About a third of all women in the world have been physically or sexually assaulted, according to a new study by the World Health Organization.

The report titled "Global and regional estimates of violence against women: Prevalence and health effects of intimate partner violence and non-partner sexual violence", shows the prevalence of violence against women, either by partners or others. About 30 percent of all women in the world are assaulted by their intimate partners.

 "These findings send a powerful message that violence against women is a global health problem of epidemic proportions. We also see that the world's health systems can and must do more for women who experience violence," said Dr Margaret Chan, Director-General, WHO, according to a press release.

About 38 percent of the total murdered women were killed by their partners. Many suffered serious injuries and depression. The study also found that abused women are likely to have high prevalence of sexually-transmitted diseases and low birth-weight babies.

A related study conducted by World Health Organization had found that women abused by their partners are "twice as likely as non-abused women to have poor health and physical and mental problems, even if the violence occurred years before."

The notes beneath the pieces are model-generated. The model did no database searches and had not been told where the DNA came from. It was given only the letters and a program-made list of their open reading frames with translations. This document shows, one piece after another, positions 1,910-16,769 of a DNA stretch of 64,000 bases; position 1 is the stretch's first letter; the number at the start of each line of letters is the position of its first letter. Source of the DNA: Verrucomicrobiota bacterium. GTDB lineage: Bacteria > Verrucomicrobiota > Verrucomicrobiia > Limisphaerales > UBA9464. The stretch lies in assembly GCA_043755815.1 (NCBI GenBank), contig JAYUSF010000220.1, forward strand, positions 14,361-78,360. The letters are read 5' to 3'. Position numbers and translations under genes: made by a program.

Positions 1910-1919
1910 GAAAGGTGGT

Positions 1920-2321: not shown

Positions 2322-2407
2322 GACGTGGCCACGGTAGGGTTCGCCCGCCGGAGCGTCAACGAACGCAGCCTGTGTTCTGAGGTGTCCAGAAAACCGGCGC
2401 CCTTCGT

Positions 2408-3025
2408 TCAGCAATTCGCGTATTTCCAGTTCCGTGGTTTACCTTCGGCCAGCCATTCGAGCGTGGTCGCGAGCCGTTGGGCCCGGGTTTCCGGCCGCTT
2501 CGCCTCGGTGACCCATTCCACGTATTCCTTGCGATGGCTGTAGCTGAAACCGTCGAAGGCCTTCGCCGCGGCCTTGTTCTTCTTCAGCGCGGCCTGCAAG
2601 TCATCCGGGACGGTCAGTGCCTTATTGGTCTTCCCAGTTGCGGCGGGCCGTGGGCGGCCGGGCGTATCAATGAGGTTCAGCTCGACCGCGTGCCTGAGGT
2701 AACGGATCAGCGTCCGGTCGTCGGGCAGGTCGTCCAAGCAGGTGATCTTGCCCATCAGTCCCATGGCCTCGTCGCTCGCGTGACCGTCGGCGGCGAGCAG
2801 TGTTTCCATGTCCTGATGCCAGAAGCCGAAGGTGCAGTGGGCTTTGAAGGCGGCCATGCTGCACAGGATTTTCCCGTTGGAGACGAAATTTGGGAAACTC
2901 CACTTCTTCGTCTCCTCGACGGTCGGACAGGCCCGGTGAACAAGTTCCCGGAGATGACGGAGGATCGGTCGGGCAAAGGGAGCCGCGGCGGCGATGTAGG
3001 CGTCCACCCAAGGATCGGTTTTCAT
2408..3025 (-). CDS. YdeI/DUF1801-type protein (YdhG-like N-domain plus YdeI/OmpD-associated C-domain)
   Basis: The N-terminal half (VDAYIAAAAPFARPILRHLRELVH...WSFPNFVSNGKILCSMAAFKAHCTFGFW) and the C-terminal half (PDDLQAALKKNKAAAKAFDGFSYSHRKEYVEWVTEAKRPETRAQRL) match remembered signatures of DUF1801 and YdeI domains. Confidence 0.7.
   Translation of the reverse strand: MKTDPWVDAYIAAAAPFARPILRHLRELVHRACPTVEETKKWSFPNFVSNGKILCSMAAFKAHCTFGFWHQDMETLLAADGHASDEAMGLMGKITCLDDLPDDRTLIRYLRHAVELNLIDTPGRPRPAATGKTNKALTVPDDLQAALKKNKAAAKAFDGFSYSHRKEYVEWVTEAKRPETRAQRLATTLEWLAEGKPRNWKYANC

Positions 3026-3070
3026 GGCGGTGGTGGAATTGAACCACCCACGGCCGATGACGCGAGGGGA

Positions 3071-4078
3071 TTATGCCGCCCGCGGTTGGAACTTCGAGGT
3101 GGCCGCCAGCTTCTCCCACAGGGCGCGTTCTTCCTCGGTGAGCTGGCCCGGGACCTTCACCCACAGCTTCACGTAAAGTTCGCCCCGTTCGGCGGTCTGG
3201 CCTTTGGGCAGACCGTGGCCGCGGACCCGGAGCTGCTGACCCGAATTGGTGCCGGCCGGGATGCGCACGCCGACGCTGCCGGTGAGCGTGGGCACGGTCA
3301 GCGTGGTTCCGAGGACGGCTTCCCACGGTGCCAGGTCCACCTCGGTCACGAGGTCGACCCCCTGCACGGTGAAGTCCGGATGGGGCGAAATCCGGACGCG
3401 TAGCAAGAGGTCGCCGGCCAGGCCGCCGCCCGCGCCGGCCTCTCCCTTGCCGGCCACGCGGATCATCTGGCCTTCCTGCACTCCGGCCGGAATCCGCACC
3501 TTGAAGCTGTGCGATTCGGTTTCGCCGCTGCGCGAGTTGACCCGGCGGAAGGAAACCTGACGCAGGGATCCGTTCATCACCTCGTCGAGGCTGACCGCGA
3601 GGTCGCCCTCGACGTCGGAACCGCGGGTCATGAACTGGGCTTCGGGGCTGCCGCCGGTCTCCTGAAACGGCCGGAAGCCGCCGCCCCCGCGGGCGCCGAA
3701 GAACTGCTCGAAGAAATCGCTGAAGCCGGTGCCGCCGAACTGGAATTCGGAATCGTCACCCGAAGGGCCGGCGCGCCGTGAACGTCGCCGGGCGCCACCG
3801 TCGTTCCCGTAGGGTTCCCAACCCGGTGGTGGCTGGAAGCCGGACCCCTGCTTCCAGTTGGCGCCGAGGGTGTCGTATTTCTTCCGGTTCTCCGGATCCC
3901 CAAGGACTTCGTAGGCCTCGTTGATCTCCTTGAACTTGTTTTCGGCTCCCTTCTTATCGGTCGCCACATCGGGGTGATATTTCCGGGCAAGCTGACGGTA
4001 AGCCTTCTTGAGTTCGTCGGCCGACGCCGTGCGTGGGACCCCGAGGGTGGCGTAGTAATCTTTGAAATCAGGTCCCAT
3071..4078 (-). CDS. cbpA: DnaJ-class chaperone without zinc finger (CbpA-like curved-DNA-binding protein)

The report found that violence by intimate partners against women was particularly high in areas like Africa, Eastern Mediterranean and Southeast Asia.

"This new data shows that violence against women is extremely common. We urgently need to invest in prevention to address the underlying causes of this global women's health problem." said Professor Charlotte Watts, from the London School of Hygiene & Tropical Medicine.

Sadly, these high numbers might just be the tip of an iceberg as most women don't report violence due to social stigma, said WHO. Other problems like absence of such surveys in several countries and poor data collection methods also posed to be major challenge for gathering data on violence against women.

The report was released by the WHO along with the London School of Hygiene & Tropical Medicine and the South African Medical Research Council. The study and info-graphics can be found here